© 2021
In touch with the world ... at home on the High Plains
Play Live Radio
Next Up:
0:00 0:00
Available On Air Stations
KJJP-FM 105.7 is currently operating at 15% of power, limiting its signal strength and range in the Amarillo-Canyon area. This due to complicated problems with its very old transmitter. Local engineers are continuing to work on the transmitter and are consulting with the manufacturer to diagnose and fix the problems. We apologize for this disruption and service as we work as quickly as possible to restore KJPFM to full power. In the mean time you can always stream either the HPPR Mix service or HPPR Connect service using the player above or the HPPR app.

Rural Life Revisited

Have you heard words like “brain drain” and “Podunk” used to describe rural communities? Those of us who’ve chosen to remain in rural areas or small towns have always been offended by the stereotypes. “Rural by choice” is a more apt description if you ask me. Recently, studies have shown that the trend of people leaving for urban areas has started to reverse itself. Today, about 60 million people, or one in five, live in rural America. Why is that?

I’m Kathleen Holt for the HPPR Radio Readers Book Club. Our 2022 Fall Read – Rural Life Revisited will explore the challenges as well as what it is about rural life that captures our imagination. We’ll be reading Sherwood Anderson’s Winesburg, Ohio, Annie Proulx’s That Old Ace in the Hole – set in the Texas Panhandle – and the nonfiction How the Post Office Created America by historian Winifred Gallagher.

The facts? Rural communities had the highest share of inbound moves during the first half of 2021. Small towns and “micropolitan” areas were next in line. In general, rural areas are sparsely populated, have low housing density and are some distance from urban centers. Rural areas form 97% of the land mass of the U.S. but hold only 19.3% of the population.

While it is true that we account for only 10% of the U.S. gross domestic product, rural areas provide crucial sources of water, food, energy, recreation and with 97% of America’s land mass, we hold most of the country’s vital natural resources.

Those of us on the High Plains should think about the fact that – according to the Brookings Institute – just over 35% of the total U.S. rural population lives west of the Mississippi River with only 10% of that population living in the West.

In 2018 and 2019, NPR commissioned a study “Life in Rural America” by the Robert Wood Johnson Foundation and the Harvard T.H. Chan School of Public Health to better understand the economic and health issues facing rural America. Despite identified concerns about the economy, opioid and drugs, rural Americans were found to be largely optimistic about the future and their lives.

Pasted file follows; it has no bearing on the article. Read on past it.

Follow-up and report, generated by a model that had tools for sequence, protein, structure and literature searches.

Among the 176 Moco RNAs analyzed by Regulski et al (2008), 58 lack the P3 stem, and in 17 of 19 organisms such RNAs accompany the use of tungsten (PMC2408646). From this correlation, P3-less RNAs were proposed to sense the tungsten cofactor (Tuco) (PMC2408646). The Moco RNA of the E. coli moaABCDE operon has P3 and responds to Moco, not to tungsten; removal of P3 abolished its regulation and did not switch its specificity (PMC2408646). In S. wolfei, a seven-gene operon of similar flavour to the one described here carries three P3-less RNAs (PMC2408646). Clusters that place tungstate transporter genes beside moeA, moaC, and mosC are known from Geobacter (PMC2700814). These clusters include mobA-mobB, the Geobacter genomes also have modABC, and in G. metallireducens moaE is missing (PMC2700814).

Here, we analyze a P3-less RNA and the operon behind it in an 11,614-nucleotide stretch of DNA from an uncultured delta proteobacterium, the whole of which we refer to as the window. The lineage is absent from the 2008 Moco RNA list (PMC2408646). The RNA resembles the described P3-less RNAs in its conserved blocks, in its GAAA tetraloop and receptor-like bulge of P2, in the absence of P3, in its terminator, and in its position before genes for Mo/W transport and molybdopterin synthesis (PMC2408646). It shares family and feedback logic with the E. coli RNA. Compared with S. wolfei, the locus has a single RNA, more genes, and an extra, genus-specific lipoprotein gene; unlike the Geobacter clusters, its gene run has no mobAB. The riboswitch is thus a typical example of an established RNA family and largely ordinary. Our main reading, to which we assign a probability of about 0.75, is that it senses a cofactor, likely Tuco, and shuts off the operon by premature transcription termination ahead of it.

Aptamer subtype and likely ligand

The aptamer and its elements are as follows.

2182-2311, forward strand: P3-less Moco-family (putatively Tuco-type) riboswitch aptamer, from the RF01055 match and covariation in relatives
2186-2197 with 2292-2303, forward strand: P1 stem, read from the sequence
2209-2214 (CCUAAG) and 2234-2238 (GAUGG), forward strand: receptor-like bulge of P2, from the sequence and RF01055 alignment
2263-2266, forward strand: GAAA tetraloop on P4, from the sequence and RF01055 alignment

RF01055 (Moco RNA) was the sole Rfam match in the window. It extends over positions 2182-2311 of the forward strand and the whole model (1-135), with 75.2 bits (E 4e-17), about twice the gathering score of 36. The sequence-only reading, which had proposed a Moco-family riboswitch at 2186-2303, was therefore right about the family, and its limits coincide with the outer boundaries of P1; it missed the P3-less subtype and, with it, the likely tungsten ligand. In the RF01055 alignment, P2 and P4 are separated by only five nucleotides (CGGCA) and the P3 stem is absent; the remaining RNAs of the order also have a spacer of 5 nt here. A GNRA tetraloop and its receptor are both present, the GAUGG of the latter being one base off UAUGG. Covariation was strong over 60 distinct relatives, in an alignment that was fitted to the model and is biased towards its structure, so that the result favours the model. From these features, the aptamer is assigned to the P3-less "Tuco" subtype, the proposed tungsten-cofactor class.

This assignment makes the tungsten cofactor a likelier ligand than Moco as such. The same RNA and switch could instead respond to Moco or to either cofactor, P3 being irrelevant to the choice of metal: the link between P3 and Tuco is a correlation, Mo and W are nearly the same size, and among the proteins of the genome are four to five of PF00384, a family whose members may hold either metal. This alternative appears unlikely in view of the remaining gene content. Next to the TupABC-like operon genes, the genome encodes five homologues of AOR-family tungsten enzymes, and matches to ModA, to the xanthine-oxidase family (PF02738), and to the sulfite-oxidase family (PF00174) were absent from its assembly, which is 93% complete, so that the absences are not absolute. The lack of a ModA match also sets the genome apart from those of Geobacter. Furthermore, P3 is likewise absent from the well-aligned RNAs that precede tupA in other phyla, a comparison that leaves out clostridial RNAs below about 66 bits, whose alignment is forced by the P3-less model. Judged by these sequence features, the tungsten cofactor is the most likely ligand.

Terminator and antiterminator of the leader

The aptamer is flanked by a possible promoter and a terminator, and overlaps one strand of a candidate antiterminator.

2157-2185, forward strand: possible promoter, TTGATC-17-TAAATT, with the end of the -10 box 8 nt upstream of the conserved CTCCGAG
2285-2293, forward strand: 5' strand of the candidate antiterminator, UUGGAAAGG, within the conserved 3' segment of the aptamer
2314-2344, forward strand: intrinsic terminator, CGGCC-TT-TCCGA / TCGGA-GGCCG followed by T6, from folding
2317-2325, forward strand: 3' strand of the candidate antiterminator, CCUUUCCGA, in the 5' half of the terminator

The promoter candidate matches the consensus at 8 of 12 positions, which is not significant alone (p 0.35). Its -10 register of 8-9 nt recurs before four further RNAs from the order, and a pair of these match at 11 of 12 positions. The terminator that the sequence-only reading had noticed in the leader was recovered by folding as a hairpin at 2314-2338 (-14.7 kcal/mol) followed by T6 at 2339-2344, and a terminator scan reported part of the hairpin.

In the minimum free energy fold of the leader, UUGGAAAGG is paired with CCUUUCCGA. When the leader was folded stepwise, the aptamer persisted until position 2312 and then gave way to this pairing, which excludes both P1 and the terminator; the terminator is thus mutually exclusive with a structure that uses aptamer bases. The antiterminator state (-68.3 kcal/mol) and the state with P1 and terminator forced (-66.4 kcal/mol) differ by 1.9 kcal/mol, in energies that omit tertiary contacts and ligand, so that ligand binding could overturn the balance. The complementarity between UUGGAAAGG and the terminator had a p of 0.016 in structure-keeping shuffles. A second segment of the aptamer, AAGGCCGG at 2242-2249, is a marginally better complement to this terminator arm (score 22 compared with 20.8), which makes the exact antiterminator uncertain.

Compared to adults nationally, rural Americans were satisfied with their quality of life, saw their communities as safe, were civically and socially engaged and believed that they could make a difference in their communities. Of course, the studies also identified challenges such as financial insecurity, trouble accessing affordable, quality health care, lack of high-speed internet access, housing problems, and isolation/ loneliness.

A Brookings study based on the 2020 Census suggested that rural communities are far more diverse in rural America than previous demographics have indicated. “Contrary to the dominant narrative that uses ‘rural’ as a synonym for ‘white,’ 24% of rural residents in 2020 were people of color.” While not as diverse as the nation as a whole – 42.2% people of color – our rural diversity is increasing, although there is much demographic diversity in our diversity which is highly regionalized and complex.

We do know that the High Plains changes have been driven by Latino immigration, much of which has been driven by jobs in meatpacking plants, on farms, or in construction, oil and gas. Our communities and schools are populated by Latino businesses, students and homes. In fact, some rural regions have found immigration to be a “demographic lifeline.”

So, whether you reside in Amarillo, in the country itself, in Hays, Garden City or Dodge, or in one of the county seat towns that dot the High Plains, it’s possible that your life is influenced by rural life. I’m Kathleen Holt in Cimarron, Kansas.

Join us as the Radio Readers Book Club launches the 2022 Fall Read – Rural Life Revisited. BookBytes begin August 8 and will air each Monday, Wednesday and Friday during Morning Edition and All Things Considered.


What is Rural America?

U.S. Census Bureau
2011-2015 ACS 5-year estimates

Mapping Rural America’s Diversity & Demographic Change

NPR Special Series – Life and health in Rural America



Fall Read 2022: Rural Life Revisited 2022 Fall ReadHPPR Radio Readers Book Club
Stay Connected
Kathleen Holt has served High Plains Public Radio—in one way or another—since its inception in 1979. She coordinates the HPPR Radio Readers Book Club.